Walk and Talk
Who regularly makes you laugh and why?
My children because you never know what they will come out with next
If you could choose 3 people you’d have dinner with (dead or alive), who would you invite?
My Dad and my 2 children because I would love for him to meet them.
What’s your funniest (clean) joke?
I don’t know any!
What’s on your desk right now?
A mess. Large piles of paper, a computer and a pot of pens that don’t work.
What’s your proudest moment?
Winning an award for a project I was very proud of.
What’s your most challenging moment?
Being told I could be made redundant 3 months after my first child was born
What helps you through the difficult bits?
Knowing that I am doing my best
If your coaching experience was a journey, how would you describe it?
What do you see as being your milestones (major insights or breakthroughs) on that journey?
Understanding that I am in control of my own destiny and I need to take action to improve my work life, rather than waiting for things to happen to me.
Did anything happen, that surprised you; and what was it? What part did Andrea play?
She told me that my response to a certain situation sounded quite child-like. It was a brave comment to make and I was a little taken aback but she was absolutely spot on. The right kind of criticism delivered in the right way at the right time can have a hugely beneficial impact and for me it helped me to re-evaluate how I was responding to certain situations.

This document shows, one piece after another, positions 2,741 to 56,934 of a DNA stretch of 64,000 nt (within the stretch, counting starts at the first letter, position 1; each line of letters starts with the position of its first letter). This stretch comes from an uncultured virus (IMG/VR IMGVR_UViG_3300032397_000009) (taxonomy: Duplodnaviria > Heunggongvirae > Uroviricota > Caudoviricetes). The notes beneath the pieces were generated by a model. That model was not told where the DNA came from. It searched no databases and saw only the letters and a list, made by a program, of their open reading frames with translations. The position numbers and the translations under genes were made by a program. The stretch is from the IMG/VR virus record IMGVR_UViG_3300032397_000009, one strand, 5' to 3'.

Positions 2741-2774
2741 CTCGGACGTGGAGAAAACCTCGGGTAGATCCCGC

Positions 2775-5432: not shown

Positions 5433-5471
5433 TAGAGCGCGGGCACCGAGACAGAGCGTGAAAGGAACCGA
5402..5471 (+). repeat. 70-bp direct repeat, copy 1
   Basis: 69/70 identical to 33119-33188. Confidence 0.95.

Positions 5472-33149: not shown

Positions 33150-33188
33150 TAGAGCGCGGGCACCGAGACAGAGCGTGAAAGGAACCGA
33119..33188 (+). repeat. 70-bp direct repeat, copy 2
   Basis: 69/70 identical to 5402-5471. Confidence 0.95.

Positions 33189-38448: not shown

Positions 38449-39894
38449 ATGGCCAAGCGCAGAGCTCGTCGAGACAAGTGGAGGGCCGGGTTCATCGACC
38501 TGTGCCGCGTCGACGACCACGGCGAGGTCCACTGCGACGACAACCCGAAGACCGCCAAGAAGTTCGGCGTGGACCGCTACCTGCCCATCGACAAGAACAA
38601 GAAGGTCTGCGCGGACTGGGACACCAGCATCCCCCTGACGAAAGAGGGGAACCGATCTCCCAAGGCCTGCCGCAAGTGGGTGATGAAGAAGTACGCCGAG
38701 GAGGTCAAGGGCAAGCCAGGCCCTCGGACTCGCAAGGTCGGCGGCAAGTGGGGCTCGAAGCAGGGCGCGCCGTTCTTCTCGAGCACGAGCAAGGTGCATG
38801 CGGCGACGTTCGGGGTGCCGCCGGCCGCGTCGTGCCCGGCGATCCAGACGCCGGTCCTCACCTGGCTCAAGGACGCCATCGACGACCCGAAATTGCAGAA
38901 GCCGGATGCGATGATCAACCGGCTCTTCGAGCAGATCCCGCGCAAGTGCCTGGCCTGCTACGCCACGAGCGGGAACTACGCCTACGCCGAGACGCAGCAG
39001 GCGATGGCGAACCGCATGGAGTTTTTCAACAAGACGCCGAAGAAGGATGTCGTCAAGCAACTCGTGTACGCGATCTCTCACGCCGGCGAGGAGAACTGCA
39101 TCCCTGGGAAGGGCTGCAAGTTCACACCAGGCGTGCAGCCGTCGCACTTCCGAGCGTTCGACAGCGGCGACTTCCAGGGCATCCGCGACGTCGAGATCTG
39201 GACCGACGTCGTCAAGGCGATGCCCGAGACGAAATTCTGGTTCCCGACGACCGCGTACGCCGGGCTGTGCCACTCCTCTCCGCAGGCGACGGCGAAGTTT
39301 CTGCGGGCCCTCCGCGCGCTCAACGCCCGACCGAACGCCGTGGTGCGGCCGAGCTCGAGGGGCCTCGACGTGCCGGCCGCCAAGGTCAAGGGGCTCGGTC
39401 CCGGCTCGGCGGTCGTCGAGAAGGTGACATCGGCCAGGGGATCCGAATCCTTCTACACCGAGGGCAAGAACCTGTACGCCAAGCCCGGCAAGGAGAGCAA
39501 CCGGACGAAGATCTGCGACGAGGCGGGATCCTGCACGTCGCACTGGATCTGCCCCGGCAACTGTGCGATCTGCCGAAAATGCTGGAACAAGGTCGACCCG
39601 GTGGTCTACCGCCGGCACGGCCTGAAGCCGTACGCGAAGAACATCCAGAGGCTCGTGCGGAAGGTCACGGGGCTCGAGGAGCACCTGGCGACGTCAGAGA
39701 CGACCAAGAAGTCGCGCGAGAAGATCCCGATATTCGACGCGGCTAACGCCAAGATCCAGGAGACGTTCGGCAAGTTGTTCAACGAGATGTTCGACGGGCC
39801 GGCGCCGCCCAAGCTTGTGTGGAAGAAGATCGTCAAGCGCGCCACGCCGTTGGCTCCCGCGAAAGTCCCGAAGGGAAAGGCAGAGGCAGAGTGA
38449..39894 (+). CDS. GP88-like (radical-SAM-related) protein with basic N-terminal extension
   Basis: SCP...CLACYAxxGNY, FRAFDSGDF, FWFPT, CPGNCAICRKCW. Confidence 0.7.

What do you do differently?
I try to believe in myself more
If you could gift package one thing you’ve learnt, and give that to a close friend, what would it be?
Don’t bottle things up. Find someone like Andrea who is impartial, fair, honest and constructive
Are you continuing to be coached by Andrea? Why?
Yes, because its essential to my general wellbeing
If you could choose one image, symbol or quotation that symbolises where are you now, what would it be?
|“It is not the critic who counts; not the man who points out how the strong man stumbles, or where the doer of deeds could have done them better. The credit belongs to the man who is actually in the arena, whose face is marred by dust and sweat and blood; who strives valiantly; who errs, who comes short again and again, because there is no effort without error and shortcoming; but who does actually strive to do the deeds; who knows great enthusiasms, the great devotions; who spends himself in a worthy cause; who at the best knows in the end the triumph of high achievement, and who at the worst, if he fails, at least fails while daring greatly, so that his place shall never be with those cold and timid souls who neither know victory nor defeat” Theodore Roosevelt, April 23, 1910|